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Original Issue


The chronicles of intrepid sailors hold a special fascination for many readers. Columbus' journals, Joshua Slocum's memoirs, Francis Chichester's accounts of his solo voyages, all convey the excitement of hardships overcome, fears conquered, the unknown faced and beaten. On a somewhat more modest scale, though still sharing the adventure of those famous sea stories, is Woman Alone (David McKay Company. Inc., $8.95) by Clare Francis, a 30-year-old Englishwoman who sailed her 38-foot boat, Robertson's Golly, in the 1976 London Observer's Single-handed Transatlantic Race from Plymouth, England to Newport, R.I.

The 5'2" Francis, a ballet dancer and economist by training, a sailor by preference, covered the 3,000 miles in 29 days, finishing 13th. She was the first woman to arrive and broke the women's transatlantic record by three days. The race was a particularly rough one. Of the 125 starters, only 73 finished; five were rescued after their boats sank and two participants were lost at sea.

Accompanied by occasional seals, dolphins, whales and, for a brief period, a stray pigeon, Francis and Robertson's Golly struggle through heavy fog, 35-foot waves, 55-knot winds, dead calms, a near disastrous problem with a damaged self-steering device and a series of events that would shake the hardiest of sailors. She comes up on deck on the morning of the 18th day to discover that Robertson's Golly has just sailed between two enormous icebergs, miraculously missing both. But in spite of these difficulties and collisions with sharp edges on the rolling boat that caused innumerable cuts and bruises, battles with heavy, wet sails and exhaustion (she woke hourly every night to check on the boat's progress). Francis claims that only once during the grueling trip did she use "a very rude word."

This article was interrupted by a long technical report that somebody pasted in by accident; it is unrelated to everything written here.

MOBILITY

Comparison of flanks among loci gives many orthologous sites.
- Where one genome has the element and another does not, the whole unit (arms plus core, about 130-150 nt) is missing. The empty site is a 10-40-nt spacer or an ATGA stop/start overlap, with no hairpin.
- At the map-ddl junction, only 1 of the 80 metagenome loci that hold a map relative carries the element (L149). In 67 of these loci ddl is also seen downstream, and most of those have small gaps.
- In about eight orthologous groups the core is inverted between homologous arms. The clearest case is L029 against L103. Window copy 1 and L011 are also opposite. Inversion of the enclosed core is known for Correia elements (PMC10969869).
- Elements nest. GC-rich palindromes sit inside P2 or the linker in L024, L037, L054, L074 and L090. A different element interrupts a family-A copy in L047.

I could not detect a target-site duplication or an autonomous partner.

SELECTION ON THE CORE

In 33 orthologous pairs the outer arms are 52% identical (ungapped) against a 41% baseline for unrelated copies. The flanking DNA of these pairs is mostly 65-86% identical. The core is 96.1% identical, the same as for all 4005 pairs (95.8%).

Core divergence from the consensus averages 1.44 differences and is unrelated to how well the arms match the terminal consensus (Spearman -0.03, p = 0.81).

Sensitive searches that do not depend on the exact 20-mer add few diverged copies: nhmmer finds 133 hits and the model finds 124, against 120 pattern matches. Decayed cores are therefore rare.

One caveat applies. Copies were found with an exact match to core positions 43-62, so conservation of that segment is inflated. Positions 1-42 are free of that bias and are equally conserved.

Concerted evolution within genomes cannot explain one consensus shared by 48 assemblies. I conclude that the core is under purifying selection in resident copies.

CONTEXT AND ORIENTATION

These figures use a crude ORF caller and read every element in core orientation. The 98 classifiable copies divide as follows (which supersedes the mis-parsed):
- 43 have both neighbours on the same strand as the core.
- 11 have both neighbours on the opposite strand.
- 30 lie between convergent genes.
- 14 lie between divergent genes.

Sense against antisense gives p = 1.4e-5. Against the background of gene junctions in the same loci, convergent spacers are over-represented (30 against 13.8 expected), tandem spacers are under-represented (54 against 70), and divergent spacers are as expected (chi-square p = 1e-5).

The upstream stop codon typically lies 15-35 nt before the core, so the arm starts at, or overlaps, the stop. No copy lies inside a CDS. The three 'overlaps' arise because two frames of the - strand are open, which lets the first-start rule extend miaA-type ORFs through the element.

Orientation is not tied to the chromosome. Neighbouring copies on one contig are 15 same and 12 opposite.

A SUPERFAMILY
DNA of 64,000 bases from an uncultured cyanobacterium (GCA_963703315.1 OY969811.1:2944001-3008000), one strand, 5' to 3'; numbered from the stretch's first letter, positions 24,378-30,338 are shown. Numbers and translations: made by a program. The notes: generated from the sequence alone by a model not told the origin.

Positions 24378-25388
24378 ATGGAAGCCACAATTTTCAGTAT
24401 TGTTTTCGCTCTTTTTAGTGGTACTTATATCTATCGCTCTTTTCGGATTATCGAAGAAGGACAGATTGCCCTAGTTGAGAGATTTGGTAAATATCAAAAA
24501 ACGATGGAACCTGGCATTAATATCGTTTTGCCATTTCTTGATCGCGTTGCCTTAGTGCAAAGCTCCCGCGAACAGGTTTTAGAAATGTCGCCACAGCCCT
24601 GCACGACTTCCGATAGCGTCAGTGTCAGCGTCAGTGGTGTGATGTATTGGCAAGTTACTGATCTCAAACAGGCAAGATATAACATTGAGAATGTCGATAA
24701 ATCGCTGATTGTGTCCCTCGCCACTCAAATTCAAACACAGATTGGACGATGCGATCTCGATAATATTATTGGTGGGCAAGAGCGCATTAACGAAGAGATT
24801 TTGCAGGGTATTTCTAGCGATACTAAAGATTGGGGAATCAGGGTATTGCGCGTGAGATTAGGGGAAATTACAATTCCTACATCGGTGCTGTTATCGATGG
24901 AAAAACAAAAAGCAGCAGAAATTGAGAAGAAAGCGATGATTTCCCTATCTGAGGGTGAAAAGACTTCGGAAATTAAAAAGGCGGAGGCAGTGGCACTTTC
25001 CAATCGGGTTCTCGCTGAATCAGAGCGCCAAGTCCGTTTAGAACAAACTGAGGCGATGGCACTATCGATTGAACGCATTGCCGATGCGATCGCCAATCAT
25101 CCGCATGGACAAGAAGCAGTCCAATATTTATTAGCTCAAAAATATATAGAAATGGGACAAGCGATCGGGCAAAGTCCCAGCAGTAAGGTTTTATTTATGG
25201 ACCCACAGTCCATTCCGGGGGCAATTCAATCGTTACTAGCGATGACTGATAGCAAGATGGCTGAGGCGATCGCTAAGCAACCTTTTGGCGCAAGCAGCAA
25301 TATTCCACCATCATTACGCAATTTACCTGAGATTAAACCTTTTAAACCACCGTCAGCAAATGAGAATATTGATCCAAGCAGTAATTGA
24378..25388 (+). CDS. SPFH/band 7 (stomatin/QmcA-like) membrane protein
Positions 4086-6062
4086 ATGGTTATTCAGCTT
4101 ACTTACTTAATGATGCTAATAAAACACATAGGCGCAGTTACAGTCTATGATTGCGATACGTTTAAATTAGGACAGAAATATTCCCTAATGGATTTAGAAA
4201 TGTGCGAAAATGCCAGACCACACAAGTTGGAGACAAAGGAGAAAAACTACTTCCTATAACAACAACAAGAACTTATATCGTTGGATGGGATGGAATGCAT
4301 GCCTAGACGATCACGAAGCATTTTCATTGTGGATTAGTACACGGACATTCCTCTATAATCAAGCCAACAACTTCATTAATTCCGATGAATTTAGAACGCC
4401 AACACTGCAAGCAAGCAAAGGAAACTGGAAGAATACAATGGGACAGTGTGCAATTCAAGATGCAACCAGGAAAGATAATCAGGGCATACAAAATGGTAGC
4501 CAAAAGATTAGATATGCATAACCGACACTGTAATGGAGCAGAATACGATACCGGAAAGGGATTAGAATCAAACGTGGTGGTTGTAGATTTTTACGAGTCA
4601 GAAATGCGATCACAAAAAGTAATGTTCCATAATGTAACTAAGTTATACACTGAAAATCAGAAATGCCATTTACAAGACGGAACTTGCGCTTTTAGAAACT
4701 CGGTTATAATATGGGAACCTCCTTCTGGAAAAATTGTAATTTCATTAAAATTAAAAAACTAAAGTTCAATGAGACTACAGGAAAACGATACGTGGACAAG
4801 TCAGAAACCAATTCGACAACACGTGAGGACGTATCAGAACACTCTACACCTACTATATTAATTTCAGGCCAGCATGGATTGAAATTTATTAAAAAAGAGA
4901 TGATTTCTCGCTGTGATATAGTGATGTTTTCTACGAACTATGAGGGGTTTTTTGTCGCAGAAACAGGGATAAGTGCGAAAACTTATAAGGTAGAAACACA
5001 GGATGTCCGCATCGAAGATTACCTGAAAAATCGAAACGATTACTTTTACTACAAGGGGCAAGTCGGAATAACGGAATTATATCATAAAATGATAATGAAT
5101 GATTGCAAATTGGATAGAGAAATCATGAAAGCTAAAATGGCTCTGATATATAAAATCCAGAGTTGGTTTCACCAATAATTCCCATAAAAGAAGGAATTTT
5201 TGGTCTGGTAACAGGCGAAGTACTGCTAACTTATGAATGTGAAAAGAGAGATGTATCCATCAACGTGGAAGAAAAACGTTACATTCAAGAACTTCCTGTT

Early in her tale Francis asks the standard question: Why go on such a journey? "It was simply a great adventure in which you had to pit your wits and your skill against the sea," she answers. Discovering her great adventure meant "gales that went on forever, wet long Johns, soggy food that was impossible to cook, damp books that fell apart in your hands, and, above all, no one to complain to"—although frequent hallucinations caused her to think her boyfriend was on board—Francis finally asks: Would I go again? "Absolutely and unequivocally not," is her very sensible answer.